“A lot of our forces at the tribe are grant driven. If they are not supplying reports or fulfilling their objectives they can’t pull money from those grants,” Torres said. She said depending on the tribes needs and whether federal funding is allocated in a timely manner she tribe may need to dip into the tribes general fund draining their finances.
The Senate Wednesday passed a $2 trillion coronavirus response package, which reportedly could include up to $8 billion for tribal governments, as part of $150 billion directed to state and tribal governments. The legislation, which the House is expected to pass Friday, also allocates an additional billion dollars to the Indian Health Service.
Many tribes’ lack of a tax base makes them heavily dependent on their businesses to fund government services, from health care to law enforcement, but many of those — including casinos, hotels and other tourism businesses — have been forced to shut down, leaving even more well funded tribes in a financial crisis.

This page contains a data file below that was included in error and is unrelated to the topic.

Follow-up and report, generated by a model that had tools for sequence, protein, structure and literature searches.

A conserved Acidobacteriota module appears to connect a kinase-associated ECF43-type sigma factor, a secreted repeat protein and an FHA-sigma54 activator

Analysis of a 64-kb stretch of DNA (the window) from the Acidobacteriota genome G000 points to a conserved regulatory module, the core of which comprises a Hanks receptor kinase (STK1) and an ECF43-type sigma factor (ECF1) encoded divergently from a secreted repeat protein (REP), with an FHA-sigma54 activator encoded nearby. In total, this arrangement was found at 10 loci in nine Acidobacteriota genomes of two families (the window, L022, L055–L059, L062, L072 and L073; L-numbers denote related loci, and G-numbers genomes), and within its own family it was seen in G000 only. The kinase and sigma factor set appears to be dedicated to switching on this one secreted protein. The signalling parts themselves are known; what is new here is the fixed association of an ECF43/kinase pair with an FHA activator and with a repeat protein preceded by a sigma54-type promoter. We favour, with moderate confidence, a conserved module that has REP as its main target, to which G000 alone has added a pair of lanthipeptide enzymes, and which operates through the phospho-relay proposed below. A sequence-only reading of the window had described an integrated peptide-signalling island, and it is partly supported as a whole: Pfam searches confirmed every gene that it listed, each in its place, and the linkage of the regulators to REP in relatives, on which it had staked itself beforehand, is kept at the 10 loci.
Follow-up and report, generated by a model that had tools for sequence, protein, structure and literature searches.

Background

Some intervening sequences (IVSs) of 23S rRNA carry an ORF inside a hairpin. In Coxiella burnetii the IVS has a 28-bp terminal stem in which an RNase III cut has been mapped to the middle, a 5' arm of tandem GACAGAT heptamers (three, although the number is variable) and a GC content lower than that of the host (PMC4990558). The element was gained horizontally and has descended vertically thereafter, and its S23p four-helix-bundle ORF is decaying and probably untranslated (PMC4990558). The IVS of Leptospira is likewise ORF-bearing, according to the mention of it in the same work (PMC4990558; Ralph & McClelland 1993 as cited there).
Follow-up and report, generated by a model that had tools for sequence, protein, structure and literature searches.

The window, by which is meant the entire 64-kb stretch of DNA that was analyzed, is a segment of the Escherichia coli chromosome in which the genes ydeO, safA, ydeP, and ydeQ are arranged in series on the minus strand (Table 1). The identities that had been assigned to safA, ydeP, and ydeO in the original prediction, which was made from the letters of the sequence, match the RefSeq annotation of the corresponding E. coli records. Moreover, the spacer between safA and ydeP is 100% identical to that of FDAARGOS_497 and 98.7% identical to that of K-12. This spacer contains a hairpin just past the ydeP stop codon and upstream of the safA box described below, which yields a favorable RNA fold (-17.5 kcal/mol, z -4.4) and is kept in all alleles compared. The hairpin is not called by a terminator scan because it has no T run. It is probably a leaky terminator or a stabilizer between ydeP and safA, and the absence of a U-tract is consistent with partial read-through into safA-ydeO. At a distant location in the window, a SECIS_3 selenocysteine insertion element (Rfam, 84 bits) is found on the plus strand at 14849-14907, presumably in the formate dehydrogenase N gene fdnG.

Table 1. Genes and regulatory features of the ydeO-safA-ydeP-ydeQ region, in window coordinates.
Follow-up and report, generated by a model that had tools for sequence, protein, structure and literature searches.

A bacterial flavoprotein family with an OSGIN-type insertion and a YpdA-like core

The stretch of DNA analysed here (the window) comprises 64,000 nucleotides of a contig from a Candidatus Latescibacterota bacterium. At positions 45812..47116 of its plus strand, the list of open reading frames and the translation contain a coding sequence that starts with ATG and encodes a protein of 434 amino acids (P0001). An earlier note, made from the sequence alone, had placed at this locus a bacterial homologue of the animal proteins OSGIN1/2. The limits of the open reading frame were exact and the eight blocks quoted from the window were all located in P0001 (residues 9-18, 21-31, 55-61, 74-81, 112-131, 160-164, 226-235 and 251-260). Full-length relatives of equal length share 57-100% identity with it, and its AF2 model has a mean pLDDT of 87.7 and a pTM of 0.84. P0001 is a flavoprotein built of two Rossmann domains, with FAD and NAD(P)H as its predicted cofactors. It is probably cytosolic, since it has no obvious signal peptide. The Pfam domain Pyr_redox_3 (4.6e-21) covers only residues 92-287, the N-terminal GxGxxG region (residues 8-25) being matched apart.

About 82 percent of the 524 tribal casinos in the United States have shuttered their doors in response to the COVID-19 outbreak, according to the American Gaming Association.
The Moapa Band of Paiutes operates a casino but closed the venue within 24 hours of Gov. Steve Sisolak’s “state of emergency” announcement out of concern for the well-being of their employees and customers.
“The Moapa Band of Paiutes depends on our Travel Plaza, Casinos, Fireworks Stand, Solar Projects, and Government Grants and Leases for Tribal income. There is no flexibility for us to generate additional revenue to replace that which has been lost due to closures and reduced sales. That money is gone, and historically the Native People are at the bottom of the list to receive State and Federal assistance or reimbursement,” said Parry, the tribe’s chairwoman in an email.